There are many differences between this and the original, but perhaps the strangest and least noticeable is the lack of exclamation point on the title. Punctuation in titles is a strange thing; apostrophes are fairly common—thought famously Two Weeks Notice has left its off—but movies almost never end in punctuation even when they should. This movie is less excited about its title character than the original, and honestly the punctuation is only one of many ways it shows that.
We still have Patti Randall; this time, she is Christina Ricci. Instead of living with an older sister in California while her parents are in Europe, she lives with her parents in small-town Massachusetts. She’s in high school, and she hates the town she lives in. (Her parents are Michael McKean and Bess Armstrong—and I will never not think of Armstrong as Patty from My So-Called Life.) She is convinced life is utterly boring and everyone in her town is uninteresting. And then one day, her cat, DC (Elvis), returns home with a watch around his neck; there is something scratched on the back that Patti believes is an interrupted attempt to write “help.”
SO here is where are a lot of things are different. For starters, instead of being bank robbers we see before we see Patti, the criminals here are kidnappers. They have abducted Lizzie (Rebecca Koon), believing she is Mrs Flint (Dyan Cannon), and they are holding her for a million dollars’ ransom. Only Mr. Flint (Dean Jones) turns out to be broke. (Wikipedia says he is the president, but this is obviously ludicrous and we don’t really know, unless I missed it—I missed a few minutes—where his money comes from.) The town is sixty miles from Boston, where the abduction happened, instead of just a few blocks away from the robbed bank.
Instead of being a rising star tasked with something crazy but possibly fruitful, Zeke Kelso (Doug E. Doug this time) is basically in the FBI as a legacy and is given the job mostly to get rid of him. But, in a scene slightly reminiscent of the first night’s chasing DC in the original, he gets a full time to follow up on a lead that his boss doesn’t believe will come to anything. And of course it doesn’t, but instead of it being because DC is clever, it’s because the FBI agents get too involved in the goings-on of the town.
Which is part of the problem with this movie. Many of the background characters are indeed fascinating. More interesting, in fact, than the main characters. Two gas station owners/mechanics, across the street from one another, have a rivalry that involves at best vandalism and escalates from there. The butcher harbors secret passions. And so forth. And we see all this rather than the criminals, because their identity is only revealed at the end. Which is a shame, because they’re considerably more interesting than Patti, Zeke, and Patti’s parents.
Honestly, a movie about the criminals in this movie would have been entertaining. In the few lines they get after the reveal, they make it clear that they had a deeply involved life before settling in the small town, and you really want to know more about them. But the movie doesn’t, because it has mistaken its characters for nothing more than background to the leads, not realizing that it feels exactly the opposite.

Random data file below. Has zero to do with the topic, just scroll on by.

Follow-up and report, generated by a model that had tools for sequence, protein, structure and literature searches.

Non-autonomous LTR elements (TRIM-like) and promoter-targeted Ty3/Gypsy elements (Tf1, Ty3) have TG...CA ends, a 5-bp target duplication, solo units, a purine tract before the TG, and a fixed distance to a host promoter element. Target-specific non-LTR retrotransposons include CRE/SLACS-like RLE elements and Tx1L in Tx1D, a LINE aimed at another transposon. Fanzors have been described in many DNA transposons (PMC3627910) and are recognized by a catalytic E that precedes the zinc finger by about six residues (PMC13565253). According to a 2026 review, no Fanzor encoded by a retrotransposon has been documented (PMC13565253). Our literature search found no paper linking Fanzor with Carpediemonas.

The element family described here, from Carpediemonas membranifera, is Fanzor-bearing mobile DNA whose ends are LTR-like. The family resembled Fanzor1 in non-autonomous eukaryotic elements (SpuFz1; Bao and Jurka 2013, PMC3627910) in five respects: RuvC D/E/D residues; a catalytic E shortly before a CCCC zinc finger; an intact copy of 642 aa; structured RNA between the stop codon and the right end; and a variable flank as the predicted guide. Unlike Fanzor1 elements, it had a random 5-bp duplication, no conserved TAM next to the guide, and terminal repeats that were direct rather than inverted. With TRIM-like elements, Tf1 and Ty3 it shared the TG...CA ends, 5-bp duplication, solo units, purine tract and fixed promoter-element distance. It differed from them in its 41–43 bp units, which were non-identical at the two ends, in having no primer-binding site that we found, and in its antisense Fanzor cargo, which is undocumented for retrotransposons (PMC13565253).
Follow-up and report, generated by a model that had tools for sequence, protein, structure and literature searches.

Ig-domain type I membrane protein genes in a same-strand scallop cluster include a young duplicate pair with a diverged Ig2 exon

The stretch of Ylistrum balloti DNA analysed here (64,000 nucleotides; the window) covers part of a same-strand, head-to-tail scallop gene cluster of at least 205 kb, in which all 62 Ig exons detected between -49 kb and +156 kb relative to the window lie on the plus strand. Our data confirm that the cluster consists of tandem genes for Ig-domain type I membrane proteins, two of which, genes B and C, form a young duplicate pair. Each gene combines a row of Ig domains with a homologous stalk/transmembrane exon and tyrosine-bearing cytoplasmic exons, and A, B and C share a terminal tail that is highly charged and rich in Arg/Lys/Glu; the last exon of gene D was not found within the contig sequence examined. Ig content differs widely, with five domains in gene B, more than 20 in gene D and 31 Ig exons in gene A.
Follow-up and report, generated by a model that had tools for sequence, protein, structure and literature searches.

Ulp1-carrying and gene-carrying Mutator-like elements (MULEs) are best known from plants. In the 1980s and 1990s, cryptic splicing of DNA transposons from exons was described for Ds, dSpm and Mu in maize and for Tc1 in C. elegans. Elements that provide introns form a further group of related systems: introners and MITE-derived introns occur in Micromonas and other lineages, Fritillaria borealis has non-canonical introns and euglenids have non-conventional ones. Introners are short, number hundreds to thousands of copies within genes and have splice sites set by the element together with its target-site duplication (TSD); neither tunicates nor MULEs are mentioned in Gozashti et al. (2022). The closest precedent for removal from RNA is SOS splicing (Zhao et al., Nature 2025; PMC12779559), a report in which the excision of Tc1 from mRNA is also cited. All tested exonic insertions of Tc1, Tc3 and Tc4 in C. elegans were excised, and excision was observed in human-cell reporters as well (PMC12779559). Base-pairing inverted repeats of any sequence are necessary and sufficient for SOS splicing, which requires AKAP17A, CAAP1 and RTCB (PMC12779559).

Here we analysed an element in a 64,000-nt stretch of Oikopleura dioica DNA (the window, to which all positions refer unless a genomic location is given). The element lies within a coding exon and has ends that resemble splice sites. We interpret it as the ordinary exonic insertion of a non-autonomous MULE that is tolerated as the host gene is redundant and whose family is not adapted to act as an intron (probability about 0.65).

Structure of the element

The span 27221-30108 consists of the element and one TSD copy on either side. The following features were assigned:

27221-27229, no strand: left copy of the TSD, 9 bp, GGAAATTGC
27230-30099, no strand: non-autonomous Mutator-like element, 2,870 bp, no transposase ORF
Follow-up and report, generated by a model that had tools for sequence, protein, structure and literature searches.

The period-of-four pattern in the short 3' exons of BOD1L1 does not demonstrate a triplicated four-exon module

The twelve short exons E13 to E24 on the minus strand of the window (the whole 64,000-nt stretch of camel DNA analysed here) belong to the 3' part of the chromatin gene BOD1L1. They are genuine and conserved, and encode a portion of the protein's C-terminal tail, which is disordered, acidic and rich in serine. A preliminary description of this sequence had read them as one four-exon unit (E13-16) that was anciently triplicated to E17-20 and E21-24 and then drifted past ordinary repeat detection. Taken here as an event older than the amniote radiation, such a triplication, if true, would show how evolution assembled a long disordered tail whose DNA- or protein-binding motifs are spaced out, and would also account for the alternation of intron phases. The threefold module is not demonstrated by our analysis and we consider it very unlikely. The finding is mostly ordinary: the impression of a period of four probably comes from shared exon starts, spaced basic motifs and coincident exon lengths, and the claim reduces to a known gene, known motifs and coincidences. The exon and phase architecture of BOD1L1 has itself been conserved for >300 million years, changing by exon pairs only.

Also, I could do without ever seeing the “I have to succeed at my job because my father was excellent at it before me” plot. (This is not even getting into the odds against Doug E. Doug’s father being an agent in the Hoover years.) My reaction, and I cannot be alone in this, is a desire for the character to just find another job and stop letting parental expectations hold them back. The worst part is that the ending suggests to me that he has, but it doesn’t actually make that clear.
It just seems like piling on at this point to mention it, but the filming is bad, too. It feels like made-for-TV quality at the outset and never really improves from there. Even the font of the credits has that feel. I can’t imagine how cheated I would’ve felt if I spent money on it in the theatre. The box office of $18.3 million suggests strongly to me that not many people had that opportunity to feel cheated.
I fully admit that I have long been an advocate of remaking the bad Disney movies instead of the good ones. You get the name recognition without inviting comparison with a classic. By that standard, this is an ideal candidate for remake. However, in order for that to work as a strategy, the remake needs to actually be good. I fully admit that they did skilled work by jettisoning Canoe, and of course the older sister—and therefore her love interest—is gone entirely. Which is definitely a step in the right direction, I grant you. The relationship between Patti and Zeke is purely platonic here, and there are clear boundaries around it. But that improvement isn’t enough to make up for everything they made worse.